What Is a Game Platform?

by Michael Black
The Game Boy is one game platform.

The Game Boy is one game platform.

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Home video games have come a very long way since their inception in the late '60s. From large, single-game units to modern 3D hand-held systems, the evolution of video games has been nothing short of astounding. Over the years, a certain set of terminology has evolved around these home video-game systems, including the term "platform."

Platform

In gaming lingo, a platform is another word for a gaming system. Everything from a personal computer to an Atari to an Xbox 360 is technically a video-game platform. Platform is often used interchangeably with words like system and console. The term "platform" is most commonly used when discussing games for these systems. When a game is multi-platform, that means that it is being released for multiple systems at once, and a single platform game is one that is only released for one system.

Modern Home Platforms

As of 2011, the three major home video-game platforms are Microsoft's Xbox 360, Nintendo's Wii and Sony's PlayStation 3. Each of these platforms has their own special features and games, making it important for the consumer to do a bit of research before buying one of these platforms. The computer is also a major force in the world of modern video games. It has become quite common for major games to be released for computers as well as dedicated video-game platforms.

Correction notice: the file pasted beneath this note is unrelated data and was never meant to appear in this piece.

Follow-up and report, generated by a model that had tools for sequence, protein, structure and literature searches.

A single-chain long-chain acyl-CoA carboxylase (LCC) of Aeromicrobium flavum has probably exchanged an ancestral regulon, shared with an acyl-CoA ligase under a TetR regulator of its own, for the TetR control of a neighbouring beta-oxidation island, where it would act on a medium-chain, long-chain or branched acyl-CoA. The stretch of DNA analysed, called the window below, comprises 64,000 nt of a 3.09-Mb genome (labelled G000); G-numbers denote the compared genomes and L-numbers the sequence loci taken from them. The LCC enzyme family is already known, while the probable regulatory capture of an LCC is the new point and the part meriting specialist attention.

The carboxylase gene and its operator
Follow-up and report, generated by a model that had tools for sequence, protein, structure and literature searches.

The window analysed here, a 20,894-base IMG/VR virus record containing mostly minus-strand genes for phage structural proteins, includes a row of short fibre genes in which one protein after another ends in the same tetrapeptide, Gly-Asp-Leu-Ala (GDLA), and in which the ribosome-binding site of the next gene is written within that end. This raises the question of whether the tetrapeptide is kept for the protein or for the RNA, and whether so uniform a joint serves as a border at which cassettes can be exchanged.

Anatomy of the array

Hand-Held Platforms

Hand-held platforms are some of the most popular video-game systems ever created. Nintendo's original Game Boy, one of the first major hand-held platforms, has been estimated by Nintendo to have sold over 100 million units. The Game Boy is by far the best selling hand-held video game platform ever created. The Sony PSP, the Nintendo DS, the Sega Game Gear and the NeoGeo Pocket Color are all examples of hand-held video-game platforms. Smart phones like the iPhone and the Android can also be thought of as video-game platforms.

Classic Platforms

The video games of 2011 would not be possible without the games of the past. Classic platforms such as the Pong system, which could only play "Pong," and the Odyssey paved the way for platforms like the Atari and the Nintendo Entertainment System, which in turn lead to the Super Nintendo Entertainment System and the Sega Genesis and so on. Many of the classic games that were originally released for these platforms are being re-released by major video game companies through services like Xbox Live Arcade and Nintendo's Virtual Console.

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